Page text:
However, any improvements were lost when body temperature reached 38.5ºC or higher — which was simulated by exposing participants to a 43°C, humid climate.

It appears our mental memory capacity, reaction times, and subjective alertness is optimized in warm, but not excessively hot summer weather.

Warm Weather Correlates With Higher Activity Levels

A Canadian study followed close to 1300 adolescents between the ages of 12 and 13 for 5 years to track their activity levels. The data was then correlated with information obtained by Environment Canada to explore the impact the weather had on activity levels.

The study found that activity levels were 4% lower, on average, for every 10 mm of rainfall, and 2% higher for every 10-degree increase in temperature.

The findings of this study confirm what many people already know to be true. When the weather is nice, we’re more likely to feel motivated to get outdoors and exercise or move around. This includes going for walks, hikes, basketball, biking, or other activities.

Increasing daily exercise has a big impact on our mental health and wellbeing. Studies have shown that increased activity levels are correlated with improvements in sleep, increased libido, better endurance, stress reduction, improvements in mood, and much more.

Final Thoughts: When is Warm Weather Detrimental to Mental Health?

We’ve highlighted the three main positive effects warm weather has on our mental health — but can the heat become detrimental?

The short answer is yes, and there appears to be a sweet spot in the temperature for maintaining the optimal mental health of humans. This sweet spot appears to be within the range of 20 and 35ºC.

For example, the same study that found improvements in cognitive function in warmer weather noted a reduced memory capacity and reaction time when body temperature was raised above 38ºC — which was simulated by ambient temperatures of 43ºC.

Another study found that for every one standard deviation of temperature, there was a 4% increase in interpersonal violence and a 14% increase in group violence. This has some scientists worried about the impact global warming may have on conflict around the world.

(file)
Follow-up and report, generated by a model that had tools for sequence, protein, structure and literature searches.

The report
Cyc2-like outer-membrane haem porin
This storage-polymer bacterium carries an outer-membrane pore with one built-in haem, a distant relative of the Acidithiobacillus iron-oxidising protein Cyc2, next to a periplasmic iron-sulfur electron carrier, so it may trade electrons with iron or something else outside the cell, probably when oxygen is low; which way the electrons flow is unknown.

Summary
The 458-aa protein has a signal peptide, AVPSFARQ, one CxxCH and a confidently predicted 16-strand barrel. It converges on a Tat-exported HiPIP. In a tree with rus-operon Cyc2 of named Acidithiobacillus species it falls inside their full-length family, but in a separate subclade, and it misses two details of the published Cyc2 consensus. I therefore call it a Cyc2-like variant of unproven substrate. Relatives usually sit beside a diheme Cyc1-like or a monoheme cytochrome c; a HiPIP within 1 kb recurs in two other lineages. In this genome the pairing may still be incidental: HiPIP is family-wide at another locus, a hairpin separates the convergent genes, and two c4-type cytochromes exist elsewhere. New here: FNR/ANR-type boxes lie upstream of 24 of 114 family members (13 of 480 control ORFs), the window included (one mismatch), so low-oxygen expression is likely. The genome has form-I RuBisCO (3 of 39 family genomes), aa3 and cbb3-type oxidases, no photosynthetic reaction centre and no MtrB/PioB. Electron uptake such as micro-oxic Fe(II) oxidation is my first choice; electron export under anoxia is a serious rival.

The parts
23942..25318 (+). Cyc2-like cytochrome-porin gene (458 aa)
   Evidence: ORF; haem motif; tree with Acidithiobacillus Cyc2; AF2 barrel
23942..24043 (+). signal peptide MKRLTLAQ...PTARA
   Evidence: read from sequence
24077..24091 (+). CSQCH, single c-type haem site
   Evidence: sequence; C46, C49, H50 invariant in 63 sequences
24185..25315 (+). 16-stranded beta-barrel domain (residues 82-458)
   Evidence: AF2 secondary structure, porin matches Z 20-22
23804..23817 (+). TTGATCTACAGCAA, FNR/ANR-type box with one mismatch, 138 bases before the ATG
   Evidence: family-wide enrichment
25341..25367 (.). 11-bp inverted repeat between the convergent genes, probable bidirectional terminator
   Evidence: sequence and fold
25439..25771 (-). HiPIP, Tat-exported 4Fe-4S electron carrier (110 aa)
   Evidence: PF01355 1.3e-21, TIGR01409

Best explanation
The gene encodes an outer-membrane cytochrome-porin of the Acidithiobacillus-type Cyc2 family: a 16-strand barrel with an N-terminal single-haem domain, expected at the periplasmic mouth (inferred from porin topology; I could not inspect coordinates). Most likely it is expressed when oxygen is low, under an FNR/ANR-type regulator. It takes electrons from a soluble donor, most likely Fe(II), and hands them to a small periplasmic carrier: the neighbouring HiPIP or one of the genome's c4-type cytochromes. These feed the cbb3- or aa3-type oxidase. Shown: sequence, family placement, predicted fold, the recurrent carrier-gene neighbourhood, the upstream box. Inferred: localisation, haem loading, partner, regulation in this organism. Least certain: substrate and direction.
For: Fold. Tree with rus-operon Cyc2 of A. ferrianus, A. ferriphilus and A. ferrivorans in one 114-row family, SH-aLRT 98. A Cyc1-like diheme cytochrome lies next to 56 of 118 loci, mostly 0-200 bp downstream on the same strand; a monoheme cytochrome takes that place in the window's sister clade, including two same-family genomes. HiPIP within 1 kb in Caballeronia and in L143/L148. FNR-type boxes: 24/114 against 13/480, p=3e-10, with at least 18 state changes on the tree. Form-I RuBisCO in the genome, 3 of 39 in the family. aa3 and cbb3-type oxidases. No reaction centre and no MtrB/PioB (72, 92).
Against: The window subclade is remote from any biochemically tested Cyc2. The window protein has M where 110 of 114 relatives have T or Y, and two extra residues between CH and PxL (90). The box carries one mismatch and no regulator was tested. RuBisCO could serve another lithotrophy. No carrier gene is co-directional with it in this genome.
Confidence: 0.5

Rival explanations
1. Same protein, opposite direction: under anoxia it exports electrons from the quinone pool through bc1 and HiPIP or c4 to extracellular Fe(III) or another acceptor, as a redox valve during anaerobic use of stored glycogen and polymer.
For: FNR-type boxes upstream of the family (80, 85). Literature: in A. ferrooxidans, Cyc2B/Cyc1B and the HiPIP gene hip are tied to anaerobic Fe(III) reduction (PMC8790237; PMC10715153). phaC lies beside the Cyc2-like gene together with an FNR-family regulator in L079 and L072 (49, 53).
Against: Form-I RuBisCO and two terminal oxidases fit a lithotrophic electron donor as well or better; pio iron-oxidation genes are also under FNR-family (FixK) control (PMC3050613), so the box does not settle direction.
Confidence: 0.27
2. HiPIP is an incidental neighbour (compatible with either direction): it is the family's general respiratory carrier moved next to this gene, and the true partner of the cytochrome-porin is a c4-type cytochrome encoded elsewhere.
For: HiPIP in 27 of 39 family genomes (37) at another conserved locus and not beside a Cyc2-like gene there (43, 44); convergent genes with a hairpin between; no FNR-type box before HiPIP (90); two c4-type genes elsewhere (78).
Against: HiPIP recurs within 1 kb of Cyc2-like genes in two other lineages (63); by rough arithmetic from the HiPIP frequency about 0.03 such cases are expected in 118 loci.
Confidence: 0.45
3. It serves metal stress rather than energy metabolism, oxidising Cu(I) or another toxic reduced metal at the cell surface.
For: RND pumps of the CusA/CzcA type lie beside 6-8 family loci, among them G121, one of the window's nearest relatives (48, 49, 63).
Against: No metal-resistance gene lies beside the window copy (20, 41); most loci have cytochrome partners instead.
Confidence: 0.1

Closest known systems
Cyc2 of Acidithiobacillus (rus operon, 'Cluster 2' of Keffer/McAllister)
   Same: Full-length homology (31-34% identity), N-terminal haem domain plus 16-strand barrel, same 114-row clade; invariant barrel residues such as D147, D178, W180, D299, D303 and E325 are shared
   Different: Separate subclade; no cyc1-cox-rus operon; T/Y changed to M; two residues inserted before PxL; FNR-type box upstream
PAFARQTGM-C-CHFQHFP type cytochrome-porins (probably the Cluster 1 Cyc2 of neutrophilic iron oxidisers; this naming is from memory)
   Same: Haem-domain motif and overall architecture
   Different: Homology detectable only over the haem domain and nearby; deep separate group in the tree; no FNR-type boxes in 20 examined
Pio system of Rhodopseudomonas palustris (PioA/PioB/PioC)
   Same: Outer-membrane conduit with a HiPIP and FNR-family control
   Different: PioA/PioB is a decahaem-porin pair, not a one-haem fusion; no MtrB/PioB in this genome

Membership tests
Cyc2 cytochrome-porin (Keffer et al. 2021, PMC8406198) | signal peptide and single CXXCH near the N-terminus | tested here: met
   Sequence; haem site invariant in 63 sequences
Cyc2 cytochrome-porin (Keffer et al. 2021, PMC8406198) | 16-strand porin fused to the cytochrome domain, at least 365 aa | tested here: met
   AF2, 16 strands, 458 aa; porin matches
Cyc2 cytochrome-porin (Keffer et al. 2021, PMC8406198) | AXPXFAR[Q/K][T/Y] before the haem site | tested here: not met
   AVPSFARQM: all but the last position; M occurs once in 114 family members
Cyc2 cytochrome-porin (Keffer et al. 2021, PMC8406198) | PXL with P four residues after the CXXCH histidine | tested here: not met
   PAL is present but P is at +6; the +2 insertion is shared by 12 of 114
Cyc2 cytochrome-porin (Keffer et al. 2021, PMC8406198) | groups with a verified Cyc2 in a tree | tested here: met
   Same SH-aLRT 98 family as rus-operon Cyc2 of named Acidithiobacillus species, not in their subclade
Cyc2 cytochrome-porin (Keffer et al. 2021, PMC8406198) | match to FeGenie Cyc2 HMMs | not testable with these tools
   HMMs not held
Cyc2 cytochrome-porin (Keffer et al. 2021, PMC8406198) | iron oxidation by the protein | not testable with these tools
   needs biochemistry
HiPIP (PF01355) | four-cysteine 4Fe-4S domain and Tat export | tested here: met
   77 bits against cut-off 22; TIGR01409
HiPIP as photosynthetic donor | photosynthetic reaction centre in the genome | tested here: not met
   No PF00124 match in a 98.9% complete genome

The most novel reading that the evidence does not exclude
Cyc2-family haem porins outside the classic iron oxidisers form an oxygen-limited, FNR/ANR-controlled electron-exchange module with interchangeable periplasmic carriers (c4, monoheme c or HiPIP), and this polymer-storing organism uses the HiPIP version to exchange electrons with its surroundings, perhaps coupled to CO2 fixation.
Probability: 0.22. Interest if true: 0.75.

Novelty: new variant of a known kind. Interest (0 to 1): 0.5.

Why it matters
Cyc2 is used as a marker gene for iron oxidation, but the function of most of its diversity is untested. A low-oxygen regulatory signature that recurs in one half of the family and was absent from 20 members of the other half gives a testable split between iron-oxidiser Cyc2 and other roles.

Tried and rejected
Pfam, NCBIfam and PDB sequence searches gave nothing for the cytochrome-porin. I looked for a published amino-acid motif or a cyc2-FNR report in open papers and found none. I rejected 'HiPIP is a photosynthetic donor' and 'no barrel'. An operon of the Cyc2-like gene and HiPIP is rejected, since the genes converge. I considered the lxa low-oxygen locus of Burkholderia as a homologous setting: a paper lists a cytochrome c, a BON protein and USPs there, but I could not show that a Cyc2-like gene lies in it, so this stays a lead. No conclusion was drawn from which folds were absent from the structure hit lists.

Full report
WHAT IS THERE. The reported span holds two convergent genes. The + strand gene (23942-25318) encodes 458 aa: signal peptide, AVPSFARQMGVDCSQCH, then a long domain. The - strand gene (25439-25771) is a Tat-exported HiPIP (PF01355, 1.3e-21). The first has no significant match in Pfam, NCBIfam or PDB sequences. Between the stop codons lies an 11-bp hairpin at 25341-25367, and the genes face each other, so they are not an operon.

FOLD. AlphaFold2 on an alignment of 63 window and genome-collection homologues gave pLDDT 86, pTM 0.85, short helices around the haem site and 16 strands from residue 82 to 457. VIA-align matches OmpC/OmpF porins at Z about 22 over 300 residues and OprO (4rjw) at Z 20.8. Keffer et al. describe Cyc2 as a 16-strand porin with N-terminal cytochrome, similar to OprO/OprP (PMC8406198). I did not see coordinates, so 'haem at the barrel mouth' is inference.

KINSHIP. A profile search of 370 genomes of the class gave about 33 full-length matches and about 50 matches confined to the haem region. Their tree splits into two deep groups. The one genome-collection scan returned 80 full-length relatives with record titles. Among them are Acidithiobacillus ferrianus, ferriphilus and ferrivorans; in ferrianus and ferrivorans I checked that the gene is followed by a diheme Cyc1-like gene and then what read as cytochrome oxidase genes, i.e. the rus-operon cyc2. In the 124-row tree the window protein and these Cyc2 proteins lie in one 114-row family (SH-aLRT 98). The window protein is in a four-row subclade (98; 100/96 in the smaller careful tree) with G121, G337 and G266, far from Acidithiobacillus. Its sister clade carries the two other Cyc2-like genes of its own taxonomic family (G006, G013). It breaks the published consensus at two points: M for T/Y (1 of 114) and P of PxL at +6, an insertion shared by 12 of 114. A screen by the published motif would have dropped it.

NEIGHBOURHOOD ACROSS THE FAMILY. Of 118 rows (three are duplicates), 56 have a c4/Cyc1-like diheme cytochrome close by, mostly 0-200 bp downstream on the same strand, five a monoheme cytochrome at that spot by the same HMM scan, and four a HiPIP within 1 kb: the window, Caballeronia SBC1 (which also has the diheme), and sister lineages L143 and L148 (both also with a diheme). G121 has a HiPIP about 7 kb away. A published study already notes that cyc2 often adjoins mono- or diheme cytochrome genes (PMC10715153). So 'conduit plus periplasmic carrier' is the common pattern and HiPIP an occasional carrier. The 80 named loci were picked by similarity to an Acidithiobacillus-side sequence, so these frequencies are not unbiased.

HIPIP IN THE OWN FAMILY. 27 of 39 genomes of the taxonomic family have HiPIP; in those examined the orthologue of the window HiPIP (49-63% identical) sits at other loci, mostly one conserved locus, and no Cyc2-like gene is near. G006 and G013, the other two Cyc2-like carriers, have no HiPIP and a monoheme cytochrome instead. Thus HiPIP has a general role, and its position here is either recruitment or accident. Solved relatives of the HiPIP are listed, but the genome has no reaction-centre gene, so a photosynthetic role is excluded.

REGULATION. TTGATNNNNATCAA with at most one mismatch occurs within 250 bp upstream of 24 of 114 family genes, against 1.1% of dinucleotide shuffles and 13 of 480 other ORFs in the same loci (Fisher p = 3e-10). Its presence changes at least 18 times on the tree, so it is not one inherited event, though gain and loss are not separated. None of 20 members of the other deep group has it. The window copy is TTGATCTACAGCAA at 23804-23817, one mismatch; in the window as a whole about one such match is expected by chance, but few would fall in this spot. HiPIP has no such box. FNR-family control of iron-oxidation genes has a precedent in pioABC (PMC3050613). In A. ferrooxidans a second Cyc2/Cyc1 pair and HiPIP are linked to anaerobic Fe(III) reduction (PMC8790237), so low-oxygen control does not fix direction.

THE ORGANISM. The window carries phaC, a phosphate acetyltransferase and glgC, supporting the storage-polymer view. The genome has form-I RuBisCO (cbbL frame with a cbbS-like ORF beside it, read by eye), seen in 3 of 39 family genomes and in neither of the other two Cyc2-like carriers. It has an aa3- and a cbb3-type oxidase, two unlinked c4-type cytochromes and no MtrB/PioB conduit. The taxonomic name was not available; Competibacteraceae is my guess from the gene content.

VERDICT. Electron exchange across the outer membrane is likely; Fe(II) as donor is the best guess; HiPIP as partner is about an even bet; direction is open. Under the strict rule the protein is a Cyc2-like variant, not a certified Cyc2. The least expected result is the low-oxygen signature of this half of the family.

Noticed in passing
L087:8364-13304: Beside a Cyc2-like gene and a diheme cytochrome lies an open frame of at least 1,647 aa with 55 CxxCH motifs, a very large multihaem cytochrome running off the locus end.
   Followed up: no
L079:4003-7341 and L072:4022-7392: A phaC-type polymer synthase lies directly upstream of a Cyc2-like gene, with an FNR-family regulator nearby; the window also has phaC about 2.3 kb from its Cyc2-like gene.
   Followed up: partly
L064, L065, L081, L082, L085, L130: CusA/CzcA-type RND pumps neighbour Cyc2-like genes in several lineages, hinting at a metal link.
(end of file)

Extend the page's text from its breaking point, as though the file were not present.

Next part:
As the weather continues to heat up, we can expect an improvement in our mental health and wellbeing as a whole — largely driven by the increased production of vitamin D (but there are other factors too). But be careful when the temperature is exceptionally high (over 35ºC). Take precautions to keep cool, limit the amount of time you spend in the sun, and drink plenty of water.

References Cited

  1. Kraus, F. B., Medenwald, D., & Ludwig-Kraus, B. (2020). Do extreme summers increase blood vitamin D (25-hydroxyvitamin D) levels?. PloS one, 15(11), e0242230.
  2. Wright Jr, K. P., Hull, J. T., & Czeisler, C. A. (2002). Relationship between alertness, performance, and body temperature in humans. American Journal of Physiology-Regulatory, Integrative and Comparative Physiology.
  3. Bélanger, M., Gray-Donald, K., O’loughlin, J., Paradis, G., & Hanley, J. (2009). Influence of weather conditions and season on physical activity in adolescents. Annals of epidemiology, 19(3), 180-186.
  4. Sharma, A., Madaan, V., & Petty, F. D. (2006). Exercise for mental health. Prim Care Companion J Clin Psychiatry, 8(2), 106.